J Neurosurg 137:813–819, 2022
Transforaminal endoscopic colloid cyst resection is well described. However, some anatomical colloid cyst variants may warrant a modified approach. Rarely, colloid cysts separate the forniceal columns and grow superiorly within the leaflets of the septum pellucidum. Thus, the authors’ goal was to characterize the imaging features, clinical presentation, surgical strategy, and outcomes of patients with this superiorly recessed colloid cyst variant.
METHODS A retrospective evaluation of patients who underwent endoscopic resection of colloid cysts from 1999 to 2020 was performed. The patients were dichotomized depending on whether the cyst was located predominately below the forniceal columns or was superiorly recessed (forniceal column separation with variable intraseptal extension). This comparative cohort study focused on clinical presentation, imaging features, operative technique, and patient outcome.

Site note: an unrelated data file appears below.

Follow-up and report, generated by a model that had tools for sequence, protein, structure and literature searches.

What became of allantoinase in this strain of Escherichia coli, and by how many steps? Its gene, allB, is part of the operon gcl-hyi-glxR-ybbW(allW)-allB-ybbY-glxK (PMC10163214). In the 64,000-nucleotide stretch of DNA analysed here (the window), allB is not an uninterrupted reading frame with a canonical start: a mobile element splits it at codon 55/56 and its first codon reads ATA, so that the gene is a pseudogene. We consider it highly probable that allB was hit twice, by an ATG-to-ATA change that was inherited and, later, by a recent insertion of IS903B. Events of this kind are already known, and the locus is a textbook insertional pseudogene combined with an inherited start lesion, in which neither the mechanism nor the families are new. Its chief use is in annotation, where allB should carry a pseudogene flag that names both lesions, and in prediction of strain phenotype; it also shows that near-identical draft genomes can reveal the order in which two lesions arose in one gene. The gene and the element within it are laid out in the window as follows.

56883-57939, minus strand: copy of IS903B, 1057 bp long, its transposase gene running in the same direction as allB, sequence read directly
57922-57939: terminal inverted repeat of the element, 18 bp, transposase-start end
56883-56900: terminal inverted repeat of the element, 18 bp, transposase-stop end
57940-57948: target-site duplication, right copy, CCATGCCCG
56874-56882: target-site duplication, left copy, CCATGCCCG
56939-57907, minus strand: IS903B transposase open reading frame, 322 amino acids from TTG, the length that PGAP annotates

RESULTS In total, 182 patients were identified. Seventeen patients had colloid cysts that were defined as superiorly recessed and underwent transseptal interforniceal removal, and 165 patients underwent a standard transforaminal approach. Patients had similar demographic characteristics. However, transseptal cysts were on average larger (17.8 mm vs 11.4 mm, p < 0.0001), and these patients had a greater frontal-occipital horn ratio (0.45 vs 0.41, p = 0.012). They were also more likely to have undergone a previous resection (p = 0.02). The two cohorts had similar surgical outcomes, with no differences in extent of resection, recurrence, or complications.
CONCLUSIONS Superiorly recessed intraseptal colloid cysts are larger and tend to splay the bodies of the fornix, thus requiring a parasagittal transseptal interforniceal endoscopic approach. This achieves complete removal with comparatively negligible morbidity or rare recurrence (5.9%).